With the window for the planned August release of the Hiptop Wireless Solution rapidly closing, Palo Alto-based Danger Tuesday
quietly pushed the U.S. commercial release date back to the fall while trumpeting a series of alliances that it hopes will herald
the ascension of a new player in the handheld arena.
Danger — which boasts Apple co-founder Steve Wozniak among the ex-Apple luminaries on its board — designed the diminutive device
to serve as a sort of all-in-one mobile solution. It integrates instant messaging (IM), e-mail, Web browsing, a full-featured mobile
phone, and personal-information management (PIM) capabilities. It can also mount a small digital camera designed by Kyocera.
While it said little about the delayed release, Danger did unveil its first wireless carrier alliance with Bellevue, Wash.-based
T-Mobile (formerly VoiceStream). T-Mobile’s parent Deutsche Telekom is a Danger investor.
The alliance seems to strengthen Danger’s play to make its Hiptop to the consumer market what Research In Motion’s Blackberry device
has become to the enterprise market. Danger has likened its model to the one used to sell razors, in which razor manufacturers
distribute razors cheaply and build a recurring revenue stream with the sale of razor blades.
Wireless operators with 3G networks are key to such a strategy. Danger executives have said that the Hiptop was designed to sell for
about $200, but carriers will distribute the devices and set final pricing. For its part, T-Mobile will re-brand the Hiptop as the
T-Mobile Sidekick. T-Mobile have not said anything definitive on pricing, but reports indicate the company will offer a set number
of cell phone minutes together with unlimited data usage for about $40 a month.
The service will utilize T-Mobile’s recently launched GSM/GPRS network. The network was launched in California and Nevada in July,
and T-Mobile said it will soon offer service in 45 of the top 50 U.S. markets.
Danger also said Tuesday that it is talks with European operator Orange SA — the largest operator in the U.K. and France — which
is also a Danger investor. Danger said it is planning a European release for 2003.
From a technology standpoint, the Hiptop utilizes the ASP
when it comes to processing Web pages and other data, meaning Danger can use less robust components in the device. However, that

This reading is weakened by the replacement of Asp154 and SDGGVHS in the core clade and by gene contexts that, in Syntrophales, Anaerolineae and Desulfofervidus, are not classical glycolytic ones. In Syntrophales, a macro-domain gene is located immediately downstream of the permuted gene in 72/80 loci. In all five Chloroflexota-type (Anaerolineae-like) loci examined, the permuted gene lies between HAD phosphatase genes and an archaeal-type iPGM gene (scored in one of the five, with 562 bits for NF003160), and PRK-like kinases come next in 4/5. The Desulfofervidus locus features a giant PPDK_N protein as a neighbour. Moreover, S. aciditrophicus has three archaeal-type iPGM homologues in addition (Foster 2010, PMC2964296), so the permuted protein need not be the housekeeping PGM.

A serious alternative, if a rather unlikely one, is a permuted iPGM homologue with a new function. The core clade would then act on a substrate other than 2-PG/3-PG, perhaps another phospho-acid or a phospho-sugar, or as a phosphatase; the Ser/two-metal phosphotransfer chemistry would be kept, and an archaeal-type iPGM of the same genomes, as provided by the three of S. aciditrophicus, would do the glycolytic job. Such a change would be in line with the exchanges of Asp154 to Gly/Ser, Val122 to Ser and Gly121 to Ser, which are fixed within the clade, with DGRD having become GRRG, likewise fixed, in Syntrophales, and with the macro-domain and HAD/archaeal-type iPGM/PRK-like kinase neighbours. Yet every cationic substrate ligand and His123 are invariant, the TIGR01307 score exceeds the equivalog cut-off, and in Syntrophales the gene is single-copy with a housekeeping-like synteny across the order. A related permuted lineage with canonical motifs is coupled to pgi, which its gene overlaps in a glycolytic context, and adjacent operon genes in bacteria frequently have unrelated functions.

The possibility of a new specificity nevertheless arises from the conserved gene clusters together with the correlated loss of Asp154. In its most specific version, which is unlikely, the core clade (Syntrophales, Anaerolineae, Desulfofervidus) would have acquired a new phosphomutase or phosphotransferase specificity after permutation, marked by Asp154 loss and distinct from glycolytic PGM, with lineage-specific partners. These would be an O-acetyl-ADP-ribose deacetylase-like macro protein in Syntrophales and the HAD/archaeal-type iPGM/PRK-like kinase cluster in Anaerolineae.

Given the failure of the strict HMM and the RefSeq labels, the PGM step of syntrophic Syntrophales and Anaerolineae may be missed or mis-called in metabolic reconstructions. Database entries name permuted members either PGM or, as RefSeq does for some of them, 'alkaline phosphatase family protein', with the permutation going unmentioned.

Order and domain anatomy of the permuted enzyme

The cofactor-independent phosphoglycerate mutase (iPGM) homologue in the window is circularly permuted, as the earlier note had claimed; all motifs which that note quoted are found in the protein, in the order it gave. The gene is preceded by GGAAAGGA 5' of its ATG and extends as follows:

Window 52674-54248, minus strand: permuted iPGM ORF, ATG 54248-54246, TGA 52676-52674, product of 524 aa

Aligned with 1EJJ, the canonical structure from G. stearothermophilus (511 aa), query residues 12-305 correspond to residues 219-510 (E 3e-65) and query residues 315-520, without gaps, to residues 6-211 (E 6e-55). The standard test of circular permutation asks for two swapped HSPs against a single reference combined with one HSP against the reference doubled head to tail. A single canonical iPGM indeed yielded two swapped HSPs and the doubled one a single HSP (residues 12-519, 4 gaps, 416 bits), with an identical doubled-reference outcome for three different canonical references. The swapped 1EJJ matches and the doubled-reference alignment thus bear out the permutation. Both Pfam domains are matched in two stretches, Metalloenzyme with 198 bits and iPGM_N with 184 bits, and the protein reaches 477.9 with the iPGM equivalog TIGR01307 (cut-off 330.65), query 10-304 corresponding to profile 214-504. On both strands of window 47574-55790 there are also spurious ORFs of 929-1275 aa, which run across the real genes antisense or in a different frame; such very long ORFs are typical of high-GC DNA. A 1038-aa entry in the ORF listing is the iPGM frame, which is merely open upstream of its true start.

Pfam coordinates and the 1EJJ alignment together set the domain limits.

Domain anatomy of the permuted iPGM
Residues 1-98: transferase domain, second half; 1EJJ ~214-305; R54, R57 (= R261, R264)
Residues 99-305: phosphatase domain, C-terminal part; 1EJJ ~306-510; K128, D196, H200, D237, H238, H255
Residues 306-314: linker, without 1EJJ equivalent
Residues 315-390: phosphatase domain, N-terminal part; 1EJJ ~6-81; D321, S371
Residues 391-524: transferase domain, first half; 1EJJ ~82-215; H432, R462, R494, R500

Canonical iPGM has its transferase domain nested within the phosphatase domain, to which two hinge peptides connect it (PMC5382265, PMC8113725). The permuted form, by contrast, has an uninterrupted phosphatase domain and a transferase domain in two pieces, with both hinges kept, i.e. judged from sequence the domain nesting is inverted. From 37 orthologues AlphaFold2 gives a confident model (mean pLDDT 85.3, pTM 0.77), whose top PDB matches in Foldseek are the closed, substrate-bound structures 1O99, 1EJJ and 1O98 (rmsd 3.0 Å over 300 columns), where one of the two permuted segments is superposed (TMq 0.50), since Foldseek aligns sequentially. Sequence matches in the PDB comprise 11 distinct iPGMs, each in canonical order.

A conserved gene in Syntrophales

also makes the device’s utility heavily dependent on connectivity.
Danger has allied itself with a number of technology partners to push the device. The largest is Intel
supplying its new Intel PRO/Wireless GPRS Embedded Module (GEM) for the device, allowing the Hiptop to send and receive data across
mobile networks. The Hiptop will be the first commercially available product to use the GEM products. TTPCom supplied its GSM/GPRS
protocol stack for the device.
On the sound front, Danger forged an alliance with Beatnik, which has licensed its Beatnik Audio Engine for the device. The audio
engine includes a 12-voice MIDI synthesizer, and enables polyphonic ring tones, game sound effects and user-interface sounds.
“As we prepare for launch, we have the relationships in place to deliver this new business and technology model for mobile wireless
services,” said Andy Rubin, president and chief executive officer of Danger. “By leveraging the contributions of our strategic
partners, we are able to focus on our core strengths — the rapid development of cutting-edge technology that appeals to consumers
and is easy for operators to integrate.”
Danger has also developed third-party applications and content support for the device. UIEvolution is providing development tools
and client software for games, and nGame is supplying game content. ActiveBuddy’s BuddyScript technology will extend the
capabilities of the Hiptop’s IM client by providing bots, and Pumatech is providing synchronization technology for the device.
Meanwhile, in a sign that Danger may not be content to allow RIM to keep the enterprise market to itself, the firm also partnered
with SEVEN, which will provide System SEVEN, a mobile data services platform integrated with global operator networks intended to
provide mobile professionals with secure, real-time access to enterprise applications and data.
“A key part of Danger’s business is to enable third-party developers to easily and profitably develop and distribute applications
and content to users of Hiptop enabled devices,” Rubin said. “A compelling set of applications and content developers now plan to
support the Hiptop Development Platform. With the launch of our Hiptop developer’s program later this year, Danger will open up this
opportunity to additional developers who can add to the Hiptop functionality with applications and content that continue to enrich
the users’ experience.”